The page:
Wednesday, June 17, 2009

Plastic Breath

"Do me a favour, will you?" I requested our house-keeping lady, "Please stop burning those disposable cups and plastic bags in the campus around our office."

All I got in response was a big grin. It was not the sort of apologetic grin exhibited by someone who realizes that she was caught red-handed doing something idiotic. I may have construed it to be a defiant grin, but considering her case I resolved that it must be a grin that stemmed out of ignorance. The only tool I know to eradicate ignorance is proper education, which I then attempted to impart.

"You smile," I said, "but mine was a serious request. Plastic ought not to be burnt."

The grin only got wider, and this time it was accompanied by a glint in her eyes. The look on her face resembled that of a professional flutist who is informed that a flute ought not to be used as a musical instrument. Her features seemed to be shouting out to me that she knew best, that she had been burning plastic since time immemorial, that there was absolutely nothing wrong in doing so, and that she would keep up her excellent work; besides, nobody (else) had ever voiced an objection.

"You are certainly aware," I continued my efforts, "that the city corporation deploys garbage collection trucks?"

"Yes, sir," she replied with a smile. I was glad to have found an entry point. It's always easier to start with something one already knows and then proceed to teach the unknown stuff.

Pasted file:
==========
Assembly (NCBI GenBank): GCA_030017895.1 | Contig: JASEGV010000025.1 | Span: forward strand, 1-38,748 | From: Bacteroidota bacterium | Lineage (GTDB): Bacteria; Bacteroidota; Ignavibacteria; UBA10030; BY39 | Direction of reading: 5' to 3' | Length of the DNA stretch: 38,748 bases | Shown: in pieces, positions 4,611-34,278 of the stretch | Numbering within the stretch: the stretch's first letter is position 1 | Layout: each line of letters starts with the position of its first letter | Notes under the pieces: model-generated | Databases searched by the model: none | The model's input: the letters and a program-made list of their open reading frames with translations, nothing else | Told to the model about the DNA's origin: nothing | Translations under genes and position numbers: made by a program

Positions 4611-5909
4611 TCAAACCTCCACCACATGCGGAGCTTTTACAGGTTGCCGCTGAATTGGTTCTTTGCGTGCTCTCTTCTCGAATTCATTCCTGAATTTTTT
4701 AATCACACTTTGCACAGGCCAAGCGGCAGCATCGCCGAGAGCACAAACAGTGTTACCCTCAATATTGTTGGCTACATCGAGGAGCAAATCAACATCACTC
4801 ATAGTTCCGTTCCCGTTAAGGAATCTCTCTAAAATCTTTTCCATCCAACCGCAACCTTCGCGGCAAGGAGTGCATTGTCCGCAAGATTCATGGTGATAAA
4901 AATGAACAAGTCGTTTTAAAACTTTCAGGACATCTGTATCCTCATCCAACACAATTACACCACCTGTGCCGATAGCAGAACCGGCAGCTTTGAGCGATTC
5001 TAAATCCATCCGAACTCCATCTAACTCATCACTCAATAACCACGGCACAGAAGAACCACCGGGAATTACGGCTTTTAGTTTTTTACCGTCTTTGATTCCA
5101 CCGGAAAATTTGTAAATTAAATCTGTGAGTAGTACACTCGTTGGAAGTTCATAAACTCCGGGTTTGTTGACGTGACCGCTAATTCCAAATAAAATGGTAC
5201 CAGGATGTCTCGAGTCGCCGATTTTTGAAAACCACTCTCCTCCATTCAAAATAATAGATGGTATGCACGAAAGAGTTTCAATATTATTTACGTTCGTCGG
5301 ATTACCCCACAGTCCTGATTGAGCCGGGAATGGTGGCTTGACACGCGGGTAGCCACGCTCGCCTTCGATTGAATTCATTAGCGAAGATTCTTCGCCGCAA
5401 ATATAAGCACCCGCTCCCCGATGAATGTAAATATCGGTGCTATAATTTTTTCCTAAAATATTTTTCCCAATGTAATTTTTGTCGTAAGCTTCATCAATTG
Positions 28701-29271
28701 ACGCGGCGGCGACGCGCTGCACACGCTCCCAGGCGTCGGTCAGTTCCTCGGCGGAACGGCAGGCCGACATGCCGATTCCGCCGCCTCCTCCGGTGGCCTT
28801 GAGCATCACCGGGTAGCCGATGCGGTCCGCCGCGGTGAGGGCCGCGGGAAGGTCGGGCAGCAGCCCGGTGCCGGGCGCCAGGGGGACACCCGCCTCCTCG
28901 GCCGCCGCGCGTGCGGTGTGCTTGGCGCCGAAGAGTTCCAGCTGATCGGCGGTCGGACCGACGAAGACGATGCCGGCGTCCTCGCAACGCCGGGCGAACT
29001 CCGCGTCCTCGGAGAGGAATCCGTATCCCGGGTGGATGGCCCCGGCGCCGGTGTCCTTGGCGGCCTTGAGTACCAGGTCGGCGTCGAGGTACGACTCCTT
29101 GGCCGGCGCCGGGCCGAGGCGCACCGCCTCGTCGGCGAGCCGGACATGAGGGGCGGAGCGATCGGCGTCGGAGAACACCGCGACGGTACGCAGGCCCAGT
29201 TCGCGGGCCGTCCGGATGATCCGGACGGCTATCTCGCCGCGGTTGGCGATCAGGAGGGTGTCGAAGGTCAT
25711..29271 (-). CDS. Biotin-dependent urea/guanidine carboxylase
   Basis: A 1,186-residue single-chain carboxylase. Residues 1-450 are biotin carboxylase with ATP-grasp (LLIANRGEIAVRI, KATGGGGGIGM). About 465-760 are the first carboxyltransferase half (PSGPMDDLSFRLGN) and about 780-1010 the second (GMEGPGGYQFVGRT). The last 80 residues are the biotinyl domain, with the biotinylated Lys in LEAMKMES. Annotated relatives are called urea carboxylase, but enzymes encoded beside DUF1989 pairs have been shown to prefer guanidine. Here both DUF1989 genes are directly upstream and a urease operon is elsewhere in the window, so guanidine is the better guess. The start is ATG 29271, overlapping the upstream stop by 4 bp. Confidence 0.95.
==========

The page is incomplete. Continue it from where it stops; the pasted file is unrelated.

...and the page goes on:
"Perhaps you are also aware that they maintain two separate containers: one to collect organic waste, and the other to collect inorganic disposables?"

"Yes, sir," came the concise response accompanied by the familiar smile.

"Do you know why they separate the two?"

"No, sir." The smile vanished.

"Most inorganic matter such as disposable cups and plastic bags that we discard can be recycled: used to manufacture new cups and bags. Apart from the obvious commercial value, burning plastic is not a good practice: it harms the environment as well as our health. When you set fire to all those items, all of us - starting with you - are forced to inhale the unhealthy fumes."

She seemed to seriously consider my tutoring for a few seconds. I thought she understood when she said as much, adding, "I was not aware it's bad for health."

All that had transpired only yesterday. "It's no use," said one of my colleagues when I told him what had taken place, "You just wasted your time and efforts explaining all that stuff to her." A few minutes ago, he called me out to show me something. I saw - in a small sand pit right next to the office building - a warm fire consuming a decent sacrifice of plastic cups and bags, exhaling dark smoke all the way up to the partly blue sky. Our lady stood by its side, poking her offerings with a long stick.

I rest my case.



3 comments:

Ashley said...

Thanks for spreading the word. In the US, we have laws and state regulations to prevent such things. I spent 6.5 years writing those types of regulations!

PRADEEP K. said...

What's the point of having regulations if nobody gives a damn about them?

Pins N Ashes said...

Hey Pradeep

Remember, it's been a long time, was going thru my old posts and found your link and me here...

Tk,
Ash